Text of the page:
Ask your children to write to their future selves. In their letter, children should write about what they are hoping to achieve and the goals they want to reach. After finishing their letters, they should give them to you. Then, at the end of the year, return the letters to your children and ask them to carefully read them. Then after they are finished, encourage them to reflect on their progress and what they have achieved.

If they did not reach all their goals or failed at a certain goal, celebrate what they have managed to do and encourage them to keep going. Also, encourage them to think about what could have gone wrong and what could have been the reason for their failure. Again, ask them to reflect and think about what they can learn from their experience so that in the future they are able to achieve all their goals.

Do an activity that will help your children manage their negative self-talk

Give your children a piece of paper and ask them to divide it into three columns. In the middle column, they should write negative things that they tell themselves whenever they face a demanding situation. For example: “I simply cannot do this”,” I am not good enough,” “It is simply unachievable,” and “I am not cool enough.”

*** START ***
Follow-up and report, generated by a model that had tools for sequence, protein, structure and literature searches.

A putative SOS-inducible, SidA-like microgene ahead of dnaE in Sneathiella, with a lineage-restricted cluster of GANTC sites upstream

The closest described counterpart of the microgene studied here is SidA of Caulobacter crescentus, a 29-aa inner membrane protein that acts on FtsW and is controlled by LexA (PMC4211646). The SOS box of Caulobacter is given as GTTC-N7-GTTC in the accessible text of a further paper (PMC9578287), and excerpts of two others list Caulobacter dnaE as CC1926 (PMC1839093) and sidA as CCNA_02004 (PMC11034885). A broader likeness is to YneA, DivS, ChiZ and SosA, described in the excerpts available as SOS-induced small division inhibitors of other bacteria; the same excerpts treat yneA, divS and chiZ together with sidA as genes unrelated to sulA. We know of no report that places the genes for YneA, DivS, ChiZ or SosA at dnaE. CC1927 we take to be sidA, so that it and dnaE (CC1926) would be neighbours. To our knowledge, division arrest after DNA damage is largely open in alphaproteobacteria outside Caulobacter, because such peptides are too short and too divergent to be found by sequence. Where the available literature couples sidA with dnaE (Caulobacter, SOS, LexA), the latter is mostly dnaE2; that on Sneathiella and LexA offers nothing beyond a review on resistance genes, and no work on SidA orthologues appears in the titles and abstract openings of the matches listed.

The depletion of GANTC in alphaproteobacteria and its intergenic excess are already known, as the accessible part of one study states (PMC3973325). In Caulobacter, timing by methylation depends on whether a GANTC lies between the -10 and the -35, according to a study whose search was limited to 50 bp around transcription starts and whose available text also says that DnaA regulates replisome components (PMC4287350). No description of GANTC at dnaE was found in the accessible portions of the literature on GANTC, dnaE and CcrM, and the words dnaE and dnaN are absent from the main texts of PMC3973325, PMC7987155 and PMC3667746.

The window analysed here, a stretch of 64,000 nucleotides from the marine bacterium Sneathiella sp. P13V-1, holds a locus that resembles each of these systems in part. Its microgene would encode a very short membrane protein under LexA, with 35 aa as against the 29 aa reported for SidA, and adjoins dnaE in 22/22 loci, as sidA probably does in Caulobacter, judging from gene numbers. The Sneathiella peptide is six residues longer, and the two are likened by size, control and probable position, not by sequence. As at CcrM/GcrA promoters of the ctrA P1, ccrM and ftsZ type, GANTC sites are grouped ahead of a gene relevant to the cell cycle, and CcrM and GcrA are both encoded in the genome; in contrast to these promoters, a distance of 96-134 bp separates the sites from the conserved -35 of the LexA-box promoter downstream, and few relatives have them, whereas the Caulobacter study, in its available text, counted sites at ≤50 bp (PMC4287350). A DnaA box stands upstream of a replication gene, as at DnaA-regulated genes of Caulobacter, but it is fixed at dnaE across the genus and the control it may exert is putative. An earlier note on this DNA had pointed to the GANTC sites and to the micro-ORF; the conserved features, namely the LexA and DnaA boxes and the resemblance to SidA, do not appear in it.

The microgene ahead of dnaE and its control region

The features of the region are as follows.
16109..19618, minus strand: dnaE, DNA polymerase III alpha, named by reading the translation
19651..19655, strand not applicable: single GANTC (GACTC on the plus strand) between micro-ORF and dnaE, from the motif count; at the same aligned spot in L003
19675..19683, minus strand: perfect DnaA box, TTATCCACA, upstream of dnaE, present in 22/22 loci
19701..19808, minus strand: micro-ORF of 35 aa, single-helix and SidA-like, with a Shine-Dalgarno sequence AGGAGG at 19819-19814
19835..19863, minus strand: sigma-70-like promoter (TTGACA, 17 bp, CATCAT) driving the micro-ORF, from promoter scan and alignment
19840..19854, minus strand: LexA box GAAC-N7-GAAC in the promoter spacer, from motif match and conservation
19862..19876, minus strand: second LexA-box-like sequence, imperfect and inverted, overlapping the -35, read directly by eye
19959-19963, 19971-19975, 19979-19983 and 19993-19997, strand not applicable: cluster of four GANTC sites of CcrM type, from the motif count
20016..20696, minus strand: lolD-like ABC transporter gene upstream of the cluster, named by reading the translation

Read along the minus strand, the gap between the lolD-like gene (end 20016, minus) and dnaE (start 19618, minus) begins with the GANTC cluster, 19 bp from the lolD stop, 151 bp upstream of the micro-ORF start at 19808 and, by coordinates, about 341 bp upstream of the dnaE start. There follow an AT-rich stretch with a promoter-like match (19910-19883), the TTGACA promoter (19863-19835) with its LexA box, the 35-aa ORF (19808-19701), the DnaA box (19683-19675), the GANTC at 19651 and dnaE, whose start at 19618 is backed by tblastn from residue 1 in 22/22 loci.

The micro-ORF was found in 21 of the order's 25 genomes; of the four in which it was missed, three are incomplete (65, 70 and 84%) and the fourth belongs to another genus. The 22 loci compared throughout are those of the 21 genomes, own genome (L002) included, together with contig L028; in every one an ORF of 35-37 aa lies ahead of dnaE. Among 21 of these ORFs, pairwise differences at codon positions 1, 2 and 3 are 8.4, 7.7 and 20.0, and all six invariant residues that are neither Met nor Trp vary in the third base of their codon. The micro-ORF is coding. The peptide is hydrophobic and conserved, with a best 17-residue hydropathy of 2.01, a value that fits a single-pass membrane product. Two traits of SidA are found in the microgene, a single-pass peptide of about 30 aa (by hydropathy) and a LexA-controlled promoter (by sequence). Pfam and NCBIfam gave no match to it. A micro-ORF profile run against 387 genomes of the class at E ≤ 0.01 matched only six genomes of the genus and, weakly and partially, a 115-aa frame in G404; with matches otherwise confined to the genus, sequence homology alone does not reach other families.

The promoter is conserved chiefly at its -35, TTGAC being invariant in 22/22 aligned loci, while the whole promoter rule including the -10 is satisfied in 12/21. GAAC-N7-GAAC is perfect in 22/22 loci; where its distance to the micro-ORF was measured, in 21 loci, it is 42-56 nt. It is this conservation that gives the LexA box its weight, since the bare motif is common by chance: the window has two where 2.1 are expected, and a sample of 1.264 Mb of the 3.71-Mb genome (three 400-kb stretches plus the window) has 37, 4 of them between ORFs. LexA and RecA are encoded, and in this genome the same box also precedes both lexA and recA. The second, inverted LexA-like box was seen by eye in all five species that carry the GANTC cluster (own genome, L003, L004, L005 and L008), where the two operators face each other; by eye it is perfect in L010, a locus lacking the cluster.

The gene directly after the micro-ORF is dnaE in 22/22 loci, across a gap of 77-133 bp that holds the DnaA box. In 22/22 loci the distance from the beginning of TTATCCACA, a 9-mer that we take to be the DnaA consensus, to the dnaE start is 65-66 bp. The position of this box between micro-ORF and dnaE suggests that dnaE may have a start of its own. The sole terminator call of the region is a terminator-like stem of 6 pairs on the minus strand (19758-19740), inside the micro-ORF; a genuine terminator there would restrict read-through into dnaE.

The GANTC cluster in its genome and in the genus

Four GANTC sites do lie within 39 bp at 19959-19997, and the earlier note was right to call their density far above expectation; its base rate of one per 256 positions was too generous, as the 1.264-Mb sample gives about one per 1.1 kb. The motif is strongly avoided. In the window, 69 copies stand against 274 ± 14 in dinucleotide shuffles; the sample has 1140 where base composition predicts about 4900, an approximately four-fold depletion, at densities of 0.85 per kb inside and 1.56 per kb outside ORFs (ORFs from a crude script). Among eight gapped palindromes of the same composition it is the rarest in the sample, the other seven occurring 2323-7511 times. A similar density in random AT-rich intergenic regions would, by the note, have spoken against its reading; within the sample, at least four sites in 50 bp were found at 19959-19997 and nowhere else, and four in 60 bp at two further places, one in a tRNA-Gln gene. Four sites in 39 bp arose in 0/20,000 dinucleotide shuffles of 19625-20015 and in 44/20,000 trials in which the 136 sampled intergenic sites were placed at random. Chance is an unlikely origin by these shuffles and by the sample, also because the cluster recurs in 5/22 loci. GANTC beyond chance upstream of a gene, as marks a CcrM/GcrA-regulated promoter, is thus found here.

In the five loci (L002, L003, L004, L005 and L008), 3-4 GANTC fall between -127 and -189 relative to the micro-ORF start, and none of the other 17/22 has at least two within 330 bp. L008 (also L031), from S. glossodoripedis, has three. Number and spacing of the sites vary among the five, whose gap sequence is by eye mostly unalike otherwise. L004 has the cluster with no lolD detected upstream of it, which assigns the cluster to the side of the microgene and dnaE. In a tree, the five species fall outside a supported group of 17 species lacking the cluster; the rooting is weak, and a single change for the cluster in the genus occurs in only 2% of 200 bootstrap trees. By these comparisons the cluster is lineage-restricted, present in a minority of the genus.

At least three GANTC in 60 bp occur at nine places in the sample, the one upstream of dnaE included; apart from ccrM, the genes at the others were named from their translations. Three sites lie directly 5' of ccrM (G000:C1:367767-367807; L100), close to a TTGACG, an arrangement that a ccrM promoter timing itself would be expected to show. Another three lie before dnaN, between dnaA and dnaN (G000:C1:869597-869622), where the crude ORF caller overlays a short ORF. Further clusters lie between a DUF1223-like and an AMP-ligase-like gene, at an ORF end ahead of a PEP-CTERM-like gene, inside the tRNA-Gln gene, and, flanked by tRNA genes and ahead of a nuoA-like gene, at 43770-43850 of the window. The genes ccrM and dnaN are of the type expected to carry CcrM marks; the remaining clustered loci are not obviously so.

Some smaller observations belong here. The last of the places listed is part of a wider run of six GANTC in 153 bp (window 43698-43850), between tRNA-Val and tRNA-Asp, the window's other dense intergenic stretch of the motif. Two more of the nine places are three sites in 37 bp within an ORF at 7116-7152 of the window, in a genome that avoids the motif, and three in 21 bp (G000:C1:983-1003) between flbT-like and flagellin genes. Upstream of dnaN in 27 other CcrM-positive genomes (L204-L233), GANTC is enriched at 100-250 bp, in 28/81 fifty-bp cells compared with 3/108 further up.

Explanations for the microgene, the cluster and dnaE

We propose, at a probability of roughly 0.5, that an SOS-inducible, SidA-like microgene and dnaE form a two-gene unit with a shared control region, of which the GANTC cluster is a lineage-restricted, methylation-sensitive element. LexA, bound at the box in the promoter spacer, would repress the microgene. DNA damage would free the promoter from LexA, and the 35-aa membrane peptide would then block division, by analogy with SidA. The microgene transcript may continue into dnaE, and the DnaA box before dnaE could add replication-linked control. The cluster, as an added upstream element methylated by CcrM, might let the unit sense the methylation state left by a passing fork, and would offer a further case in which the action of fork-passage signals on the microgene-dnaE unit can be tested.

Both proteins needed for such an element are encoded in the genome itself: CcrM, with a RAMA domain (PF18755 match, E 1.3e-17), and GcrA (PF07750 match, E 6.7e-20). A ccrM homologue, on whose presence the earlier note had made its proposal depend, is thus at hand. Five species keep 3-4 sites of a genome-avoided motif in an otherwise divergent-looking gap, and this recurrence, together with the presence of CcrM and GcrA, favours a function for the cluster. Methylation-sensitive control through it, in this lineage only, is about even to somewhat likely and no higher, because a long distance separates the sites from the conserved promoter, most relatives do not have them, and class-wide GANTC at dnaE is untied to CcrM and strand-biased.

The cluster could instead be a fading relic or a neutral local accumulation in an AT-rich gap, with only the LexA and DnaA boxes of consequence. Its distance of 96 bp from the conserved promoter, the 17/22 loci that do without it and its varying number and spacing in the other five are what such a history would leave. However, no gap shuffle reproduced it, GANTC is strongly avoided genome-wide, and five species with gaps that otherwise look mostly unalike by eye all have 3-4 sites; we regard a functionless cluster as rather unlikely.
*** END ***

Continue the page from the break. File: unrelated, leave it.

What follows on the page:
Then in the left column ask students to make a list of situations that cause them to have such thoughts. Such situations may include getting a bad grade, having a lot of homework, or having an argument with their classmates.

In the right column, students should write a list of positive statements, which they can use instead of their negative self-talk. For the sake of simplicity, students can just reverse their statements from the middle column. For instance, they can write: “I can do this,” “I am good and capable,” “I can achieve this” and so on.